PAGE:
While the market for classic cars is experiencing a dip, enthusiasts will always be on the watch for the next big thing and top-end models are still a solid bet. To help you out, we’ve asked a range of industry experts and enthusiasts for their thoughts on which cars may outperform the market and become future classics.
The BMW i8 was a totally different type of sports car when it hit the sales floor in 2014 — one of the first hybrid supercars, the i8 gives us an insight into the technology we can expect in future.
Craig Rutherford, Managing Director of UK Car Finance loves the way it looks: “The styling of the i8 is probably its biggest selling point, the whole thing looks futuristic and if you were driving round town in it you’d definitely turn heads.”
“Its sharp, dynamic look sets the i8 apart from the crowd. It has been referred to as ‘the car of the future’ numerous times, but in my opinion, it has similar qualities to some of the classic cars of this generation, making it my future classic!”
Mark Williams at Clear Car Leasing thinks the i8’s impressive specs will make it a future classic: “The i8 is able to achieve over 156 MPG (combined) and reach 60mph in just 4.2 seconds. Also it looks cool as hell with its gull-wing doors and futuristic cabin.”
The Toyota GT86 is an affordable, compact, two-door sports car purely designed around driver pleasure. While it puts the driver’s experience above practicality, ultimately, that’s what makes it unique.
You’ll need to work the engine hard to get up to top speeds, but it’s in the GT86’s handling where it excels. It really feels at home on twisty roads and it’s great fun to drive on a track.
Williams adds: “There aren’t many similar choices around, as every modern car tends to be a hatchback or an SUV, so I think this car will definitely stick out amongst the crowd, and be remembered fondly in years to come.”
The Toyota GT86 is all about enjoying the ride.
Tesla Model S P90D
Tesla is a relatively ‘new’ kid on the block and is here to shake up the established car brands. Costing over £90k new, the Tesla Model S P90D is certainly a hefty investment and is one of the most impressive and innovative cars on the market.
The Model S is an executive-style saloon that slays petrol-powered supercars on the straights. Tesla claims that the car can do 0-60mph in just 2.8 seconds! It’s also pioneering a self-driving car system which is certain to become a reference point for future models across all manufacturers.
Even Bob Lutz, long-time auto executive with GM, Ford, Chrysler and BMW — and long-time Tesla critic — thinks it’s a classic of the future. According to the LA Times, Lutz told a crowd of vintage car collectors at an event in Arizona, that they should buy themselves a Model S “while they’re still available”, (Lutz doesn’t hold out much hope for the future of Tesla).
Lutz went on to say, “A Model S, especially with the performance upgrades, is one of the fastest, best handling, best braking sedans that you could buy in the world today. The acceleration times will beat any $350,000 European exotic.”
What sets it apart? The Model S will be remembered as the first fast, great to look at, electric car. Tesla Model S P90D could be a piece of history.
When the original R8 concept was unveiled in 2003 at the Frankfurt Motor Show, it created quite a stir. The Audi brand was exciting again. The R8 was stylish and had an awesome sounding V8 with an option for a manual gearbox.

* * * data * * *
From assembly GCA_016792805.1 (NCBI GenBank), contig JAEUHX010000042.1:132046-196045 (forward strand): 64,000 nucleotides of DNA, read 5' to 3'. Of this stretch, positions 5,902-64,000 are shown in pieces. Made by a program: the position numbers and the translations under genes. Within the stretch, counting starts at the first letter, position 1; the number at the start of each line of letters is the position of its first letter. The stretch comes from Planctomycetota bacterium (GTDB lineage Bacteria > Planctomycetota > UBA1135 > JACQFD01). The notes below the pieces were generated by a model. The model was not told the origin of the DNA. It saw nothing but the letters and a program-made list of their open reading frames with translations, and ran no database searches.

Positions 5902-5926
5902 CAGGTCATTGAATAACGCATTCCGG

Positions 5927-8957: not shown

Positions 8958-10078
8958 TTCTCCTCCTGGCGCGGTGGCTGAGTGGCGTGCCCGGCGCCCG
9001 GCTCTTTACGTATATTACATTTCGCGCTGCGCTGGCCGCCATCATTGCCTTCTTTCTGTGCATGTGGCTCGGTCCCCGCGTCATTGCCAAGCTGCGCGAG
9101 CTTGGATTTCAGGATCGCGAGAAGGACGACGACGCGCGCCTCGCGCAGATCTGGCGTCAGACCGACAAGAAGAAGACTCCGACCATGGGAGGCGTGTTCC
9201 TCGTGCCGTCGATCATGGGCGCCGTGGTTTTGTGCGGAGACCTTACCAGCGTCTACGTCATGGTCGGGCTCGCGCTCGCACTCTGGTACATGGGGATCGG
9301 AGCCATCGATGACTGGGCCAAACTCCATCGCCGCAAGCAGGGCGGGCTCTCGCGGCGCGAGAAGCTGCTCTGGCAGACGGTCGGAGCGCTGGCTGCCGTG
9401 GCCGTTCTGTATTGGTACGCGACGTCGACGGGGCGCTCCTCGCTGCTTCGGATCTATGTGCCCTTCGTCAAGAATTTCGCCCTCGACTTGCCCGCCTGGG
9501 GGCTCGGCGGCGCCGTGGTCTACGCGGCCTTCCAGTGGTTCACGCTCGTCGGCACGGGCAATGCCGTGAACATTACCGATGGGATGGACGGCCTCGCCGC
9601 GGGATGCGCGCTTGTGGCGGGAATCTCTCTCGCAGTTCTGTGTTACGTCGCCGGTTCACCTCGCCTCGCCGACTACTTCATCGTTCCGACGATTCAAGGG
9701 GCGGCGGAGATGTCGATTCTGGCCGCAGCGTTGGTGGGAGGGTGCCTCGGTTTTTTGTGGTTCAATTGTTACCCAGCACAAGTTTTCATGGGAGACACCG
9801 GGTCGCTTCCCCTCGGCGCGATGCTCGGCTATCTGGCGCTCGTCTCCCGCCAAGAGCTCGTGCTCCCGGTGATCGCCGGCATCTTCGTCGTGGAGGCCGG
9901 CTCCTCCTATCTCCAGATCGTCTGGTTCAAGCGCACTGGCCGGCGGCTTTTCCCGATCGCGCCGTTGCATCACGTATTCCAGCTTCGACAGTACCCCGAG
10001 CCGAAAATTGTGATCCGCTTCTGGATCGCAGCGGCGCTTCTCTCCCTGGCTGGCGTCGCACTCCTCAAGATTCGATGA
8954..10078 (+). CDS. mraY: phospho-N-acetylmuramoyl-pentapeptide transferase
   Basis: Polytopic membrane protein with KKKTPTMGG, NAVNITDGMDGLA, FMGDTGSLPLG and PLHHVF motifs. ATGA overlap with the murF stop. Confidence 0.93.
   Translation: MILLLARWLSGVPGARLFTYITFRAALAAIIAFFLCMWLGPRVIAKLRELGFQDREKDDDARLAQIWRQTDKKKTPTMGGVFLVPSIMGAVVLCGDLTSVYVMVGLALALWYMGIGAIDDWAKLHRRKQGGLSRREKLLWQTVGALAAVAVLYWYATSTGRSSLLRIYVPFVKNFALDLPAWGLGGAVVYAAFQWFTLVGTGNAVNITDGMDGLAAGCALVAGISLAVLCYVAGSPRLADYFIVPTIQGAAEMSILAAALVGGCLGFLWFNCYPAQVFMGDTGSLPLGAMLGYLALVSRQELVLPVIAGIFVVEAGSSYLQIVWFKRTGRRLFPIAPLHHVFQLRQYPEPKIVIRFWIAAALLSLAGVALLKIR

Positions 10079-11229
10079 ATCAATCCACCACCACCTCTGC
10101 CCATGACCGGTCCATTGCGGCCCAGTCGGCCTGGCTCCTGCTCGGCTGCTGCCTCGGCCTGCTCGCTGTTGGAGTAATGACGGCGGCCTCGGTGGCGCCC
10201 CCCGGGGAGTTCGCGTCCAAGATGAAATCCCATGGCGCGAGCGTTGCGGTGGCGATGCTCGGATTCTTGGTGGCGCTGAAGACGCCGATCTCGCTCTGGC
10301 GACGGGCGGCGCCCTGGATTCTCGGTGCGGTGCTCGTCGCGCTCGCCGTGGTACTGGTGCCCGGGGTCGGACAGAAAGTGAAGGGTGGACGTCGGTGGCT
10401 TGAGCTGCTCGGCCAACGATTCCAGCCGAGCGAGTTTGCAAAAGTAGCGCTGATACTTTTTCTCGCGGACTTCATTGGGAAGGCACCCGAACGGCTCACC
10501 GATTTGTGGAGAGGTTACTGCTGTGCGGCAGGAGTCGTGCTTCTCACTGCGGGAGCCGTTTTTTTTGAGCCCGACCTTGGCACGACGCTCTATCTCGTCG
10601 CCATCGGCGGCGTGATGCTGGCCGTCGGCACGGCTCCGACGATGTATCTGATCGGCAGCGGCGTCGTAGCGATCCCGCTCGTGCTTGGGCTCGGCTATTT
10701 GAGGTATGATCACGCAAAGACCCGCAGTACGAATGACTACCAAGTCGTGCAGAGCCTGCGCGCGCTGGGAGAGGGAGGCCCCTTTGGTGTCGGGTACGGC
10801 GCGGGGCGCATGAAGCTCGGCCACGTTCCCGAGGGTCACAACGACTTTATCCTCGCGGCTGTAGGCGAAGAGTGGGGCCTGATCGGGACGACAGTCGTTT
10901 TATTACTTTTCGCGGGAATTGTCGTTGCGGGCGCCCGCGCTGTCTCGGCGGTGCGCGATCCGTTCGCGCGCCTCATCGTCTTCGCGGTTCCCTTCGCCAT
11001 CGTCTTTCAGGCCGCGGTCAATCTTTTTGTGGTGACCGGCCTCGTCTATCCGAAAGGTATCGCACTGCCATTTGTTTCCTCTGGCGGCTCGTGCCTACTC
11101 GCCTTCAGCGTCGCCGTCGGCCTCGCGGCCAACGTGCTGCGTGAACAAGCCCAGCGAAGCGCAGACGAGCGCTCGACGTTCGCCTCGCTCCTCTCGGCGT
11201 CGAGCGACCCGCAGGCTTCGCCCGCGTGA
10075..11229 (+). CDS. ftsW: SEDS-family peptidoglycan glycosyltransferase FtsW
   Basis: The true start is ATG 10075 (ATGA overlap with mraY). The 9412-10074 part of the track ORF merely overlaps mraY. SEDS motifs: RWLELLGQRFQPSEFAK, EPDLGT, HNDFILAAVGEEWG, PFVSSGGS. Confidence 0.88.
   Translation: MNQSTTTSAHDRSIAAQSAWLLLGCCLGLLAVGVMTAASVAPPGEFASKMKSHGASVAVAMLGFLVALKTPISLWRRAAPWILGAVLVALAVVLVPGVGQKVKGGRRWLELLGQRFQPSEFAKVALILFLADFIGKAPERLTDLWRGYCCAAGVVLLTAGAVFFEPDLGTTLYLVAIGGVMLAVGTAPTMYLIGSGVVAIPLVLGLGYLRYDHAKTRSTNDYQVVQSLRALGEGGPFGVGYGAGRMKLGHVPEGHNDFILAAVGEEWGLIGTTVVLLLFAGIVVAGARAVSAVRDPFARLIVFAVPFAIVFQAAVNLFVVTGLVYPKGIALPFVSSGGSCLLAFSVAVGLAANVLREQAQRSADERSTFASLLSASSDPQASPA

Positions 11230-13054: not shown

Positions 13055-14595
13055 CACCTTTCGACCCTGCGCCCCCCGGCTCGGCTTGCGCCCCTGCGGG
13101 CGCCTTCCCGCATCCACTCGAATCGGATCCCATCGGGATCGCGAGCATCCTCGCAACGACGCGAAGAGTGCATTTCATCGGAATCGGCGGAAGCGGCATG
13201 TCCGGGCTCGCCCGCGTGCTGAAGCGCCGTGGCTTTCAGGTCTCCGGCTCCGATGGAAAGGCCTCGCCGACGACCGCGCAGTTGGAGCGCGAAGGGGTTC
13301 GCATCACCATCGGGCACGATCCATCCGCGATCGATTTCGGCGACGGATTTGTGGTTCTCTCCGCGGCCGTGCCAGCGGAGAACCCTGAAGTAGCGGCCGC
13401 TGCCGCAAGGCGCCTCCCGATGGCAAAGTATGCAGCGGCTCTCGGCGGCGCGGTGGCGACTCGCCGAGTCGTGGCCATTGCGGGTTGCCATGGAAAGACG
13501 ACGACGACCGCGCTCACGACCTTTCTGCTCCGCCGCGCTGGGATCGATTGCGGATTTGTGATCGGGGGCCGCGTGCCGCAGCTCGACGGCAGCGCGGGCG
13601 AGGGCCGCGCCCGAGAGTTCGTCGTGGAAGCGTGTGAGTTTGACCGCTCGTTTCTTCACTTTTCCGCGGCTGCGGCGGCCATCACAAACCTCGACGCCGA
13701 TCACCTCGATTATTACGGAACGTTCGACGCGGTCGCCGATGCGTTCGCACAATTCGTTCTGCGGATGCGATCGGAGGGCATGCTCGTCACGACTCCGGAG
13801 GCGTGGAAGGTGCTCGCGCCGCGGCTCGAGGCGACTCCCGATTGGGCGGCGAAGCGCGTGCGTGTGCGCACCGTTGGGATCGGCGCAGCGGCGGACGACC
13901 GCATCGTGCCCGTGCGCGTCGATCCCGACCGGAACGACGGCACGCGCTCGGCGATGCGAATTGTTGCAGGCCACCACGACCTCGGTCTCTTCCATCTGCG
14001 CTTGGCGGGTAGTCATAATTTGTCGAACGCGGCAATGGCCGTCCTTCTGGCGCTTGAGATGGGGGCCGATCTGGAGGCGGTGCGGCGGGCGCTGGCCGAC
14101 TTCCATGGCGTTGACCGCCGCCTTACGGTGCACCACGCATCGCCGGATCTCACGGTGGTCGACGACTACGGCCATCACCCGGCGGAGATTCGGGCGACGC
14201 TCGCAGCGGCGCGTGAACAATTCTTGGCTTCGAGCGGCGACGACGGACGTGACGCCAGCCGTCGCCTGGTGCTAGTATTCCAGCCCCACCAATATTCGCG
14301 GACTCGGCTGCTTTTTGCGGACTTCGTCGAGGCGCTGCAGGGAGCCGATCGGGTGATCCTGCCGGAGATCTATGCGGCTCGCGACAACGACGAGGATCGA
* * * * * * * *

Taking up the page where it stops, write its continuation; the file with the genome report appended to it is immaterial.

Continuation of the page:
The pinnacle of Audi’s ever-improving range, this four-wheel-drive supercar gives rivals such as the Porsche 911 Turbo, McLaren 570S and Ferrari 488 GTB a good run for their money. The handling is a dream, the power intense and the sound it makes is just downright addictive.
Niall Julian from classic car website Take to the Road, thinks now is the time to buy: “Prices have fallen and have pretty much bottomed out for good examples. So it is worth keeping an eye out for early 2007 production example with low miles and owners. It is almost certain to be a future collector GT.”
VW Golf R32 MK4/MK5
The MK4/MK5 R32 were the last Golf models to feature the iconic V engine, which harked back to the original MK3 VR6. Both the MK4 and MK5 R32 combined good looks with an awesome engine and, of course, four-wheel drive. And at the same time they were practical.
Julian advises: “Low mile MK4s are now starting to climb in value and it is getting harder to find one that hasn’t been modified. While MK5 R32’s have fallen to a fraction of their original retail price. Decent examples command a reasonable price. But, they will be ones to watch for the future as they are the last of the R32 line before the arrival of the Golf R.”
The M140i has become something of a cult classic, despite not being a ‘proper’ M car. While it may not look spectacular on paper compared to some other models, the driving experience is off-the-scale.
Julian is impressed by the BMW M140i’s specs: “This is one of the most insane hatchbacks on the market. It’s got 340bhp! Which, in a 5 door hatch is, well, insane. It is a monster of a car with phenomenal acceleration.”
Yet BMW, as usual, manage to marry fun and functionality perfectly, he continues: “It is easy to drive and has all the quality you’d expect from a BMW. There are rumours that the current M140i might well be the last of the straight-six, rear-wheel drive 1 Series. If this is true, then collectors will want to look at the M140i. It will be the hot hatch to watch.
What do you think? Is the Audi R8 going to become a classic car of the future or do you have a hotter tip to share? We’d love to hear your future classic car predictions, tips and success stories. Leave us your comments or tweet us @LexhamInsurance